Govt lifts Medicare rebate freeze with other positive health measures

16 May, 2017

AMA President, Dr Michael Gannon, said on 9 May that the Government has begun to win back much of the goodwill it lost with the disastrous 2014 Health Budget with the announcement of a number of positive health measures, most notably an early lifting of the freeze on Medicare patient rebates.

The Medicare rebate freeze will be lifted from bulk billing incentives for GP consultations from 1 July 2017, from standard GP consultations and other specialist consultations from 1 July 2018, from procedures from 1 July 2019, and targeted diagnostic imaging services from 1 July 2020. The lifting of the freeze on Medicare rebates will cost the Government around $1 billion.

Dr Gannon said that the policy breakthroughs in the 2017 Health Budget are the direct result of the consultative approach of Health Minister, Greg Hunt, with the hands-on input and support of the Prime Minister.

"Minister Hunt said from day one in the job that he would listen and learn from the people who work in the health system every day about what is best for patients, and he has delivered tonight," Dr Gannon said.

"The AMA would have preferred to see the Medicare freeze lifted across the board from 1 July 2017, but we acknowledge that the three-stage process will provide GPs and other specialists with certainty and security about their practices, and will help address rising out-of-pocket costs for patients.

"Lifting the Medicare rebate freeze is overdue, but we welcome it."

Dr Gannon said that the Government has also responded to AMA advocacy by: 

  • reversing proposed cuts to bulk billing incentives for diagnostic imaging and pathology services;
  • scrapping proposed changes to the Medicare Safety Net that would have penalised vulnerable patients;
  • delaying the introduction of the Health Care Homes trial until October to allow fine-tuning of the details;
  • moving to an opt-out approach for participation in the My Health Record; and
  • recognising the importance of diagnostic imaging to clinical decision-making.

Dr Gannon said the AMA supports the Government's measures to increase the prescribing of generic medicines, when it is safe and appropriate and discussed with the patient, and preserves doctors' clinical and prescribing independence, with savings to be invested back into the Pharmaceutical Benefits Scheme (PBS).

"We also welcome the Government's allocation of $350 million to help prevent suicide among war veterans; the expansion of the Supporting Leave for Living Organ Donors Program, which allows donors to claim back out-of-pocket expenses and receive up to nine weeks paid leave while recovering; measures to increase the vaccination rate; and the ban on gambling ads during live sporting broadcasts before 8.30pm.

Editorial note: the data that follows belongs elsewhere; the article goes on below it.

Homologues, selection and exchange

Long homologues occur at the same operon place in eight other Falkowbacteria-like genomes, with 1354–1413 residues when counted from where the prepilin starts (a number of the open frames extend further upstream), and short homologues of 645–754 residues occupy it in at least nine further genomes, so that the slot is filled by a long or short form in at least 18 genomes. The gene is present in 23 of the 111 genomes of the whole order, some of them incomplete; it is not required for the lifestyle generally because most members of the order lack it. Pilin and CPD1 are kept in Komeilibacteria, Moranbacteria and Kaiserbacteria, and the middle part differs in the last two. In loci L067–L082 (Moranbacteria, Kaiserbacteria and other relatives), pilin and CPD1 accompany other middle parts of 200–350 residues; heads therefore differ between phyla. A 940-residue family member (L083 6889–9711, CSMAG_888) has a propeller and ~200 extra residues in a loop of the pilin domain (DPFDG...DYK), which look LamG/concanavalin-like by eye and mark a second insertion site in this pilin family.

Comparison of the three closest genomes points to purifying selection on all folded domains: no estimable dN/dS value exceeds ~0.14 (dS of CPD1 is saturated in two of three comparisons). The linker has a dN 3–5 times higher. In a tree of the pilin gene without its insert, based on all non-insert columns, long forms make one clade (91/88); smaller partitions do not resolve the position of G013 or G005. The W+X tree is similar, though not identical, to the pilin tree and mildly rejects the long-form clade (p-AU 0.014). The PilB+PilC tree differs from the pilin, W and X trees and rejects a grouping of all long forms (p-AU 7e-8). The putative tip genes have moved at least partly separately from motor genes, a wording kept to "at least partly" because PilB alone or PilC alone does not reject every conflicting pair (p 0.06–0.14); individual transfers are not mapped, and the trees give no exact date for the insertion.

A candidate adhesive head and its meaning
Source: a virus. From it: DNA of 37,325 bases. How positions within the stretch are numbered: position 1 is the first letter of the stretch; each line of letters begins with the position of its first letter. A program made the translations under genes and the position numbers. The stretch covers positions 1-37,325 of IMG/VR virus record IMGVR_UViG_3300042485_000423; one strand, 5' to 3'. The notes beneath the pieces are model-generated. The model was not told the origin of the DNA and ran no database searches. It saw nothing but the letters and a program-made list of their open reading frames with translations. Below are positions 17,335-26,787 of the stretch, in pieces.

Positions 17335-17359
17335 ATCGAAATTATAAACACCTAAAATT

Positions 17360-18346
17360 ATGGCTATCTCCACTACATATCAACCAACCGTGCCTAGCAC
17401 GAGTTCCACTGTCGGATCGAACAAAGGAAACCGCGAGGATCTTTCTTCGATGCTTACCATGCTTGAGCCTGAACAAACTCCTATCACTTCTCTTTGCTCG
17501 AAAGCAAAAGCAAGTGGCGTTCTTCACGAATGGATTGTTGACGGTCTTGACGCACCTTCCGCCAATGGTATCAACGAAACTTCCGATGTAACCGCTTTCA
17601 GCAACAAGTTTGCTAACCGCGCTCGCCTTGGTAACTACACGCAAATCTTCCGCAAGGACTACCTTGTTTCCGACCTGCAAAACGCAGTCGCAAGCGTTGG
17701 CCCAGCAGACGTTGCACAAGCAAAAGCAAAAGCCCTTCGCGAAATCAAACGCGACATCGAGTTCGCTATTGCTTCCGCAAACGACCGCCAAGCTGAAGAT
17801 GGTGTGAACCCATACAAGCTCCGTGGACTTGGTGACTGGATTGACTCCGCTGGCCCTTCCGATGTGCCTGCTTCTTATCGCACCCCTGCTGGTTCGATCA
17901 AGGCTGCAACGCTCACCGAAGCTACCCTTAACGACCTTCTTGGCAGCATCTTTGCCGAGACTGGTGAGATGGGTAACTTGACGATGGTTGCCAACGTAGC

"We acknowledge extra funding for the Rheumatic Fever Strategy, in response to calls in the 2016 AMA Indigenous Health Report Card."

Dr Gannon said that the Health Budget effectively ends the era of disastrous co-payment and Medicare freeze policies, and creates an environment for informed and genuine debate about the numerous other areas of unfinished business in the health portfolio.

"We now need to shift our attention to gaining positive outcomes for public hospitals, prevention, Indigenous health, mental health, aged care, rural health, private health insurance, palliative care, and the medical workforce," Dr Gannon said.

Dr Gannon said that the lifting of the Medicare freeze and the other positive measures in the Budget have come about through open discussion and engagement with the Government, and the AMA intends to build on this positive relationship with the Health Minister and the Prime Minister to achieve further benefits for patients and the health system.

Dr Gannon said that the AMA is committed to working collaboratively with the Government on:

  • the Medicare Benefits Schedule (MBS) Review process;
  • an improved system of after-hours care;
  • uptake of the My Health Record;
  • the Health Care Homes concept and trial;
  • pathology sector arrangements, including approved collection centre (ACC) rents; and
  • MBS compliance.

The AMA will make further comment following examination of the complete Budget papers across portfolios.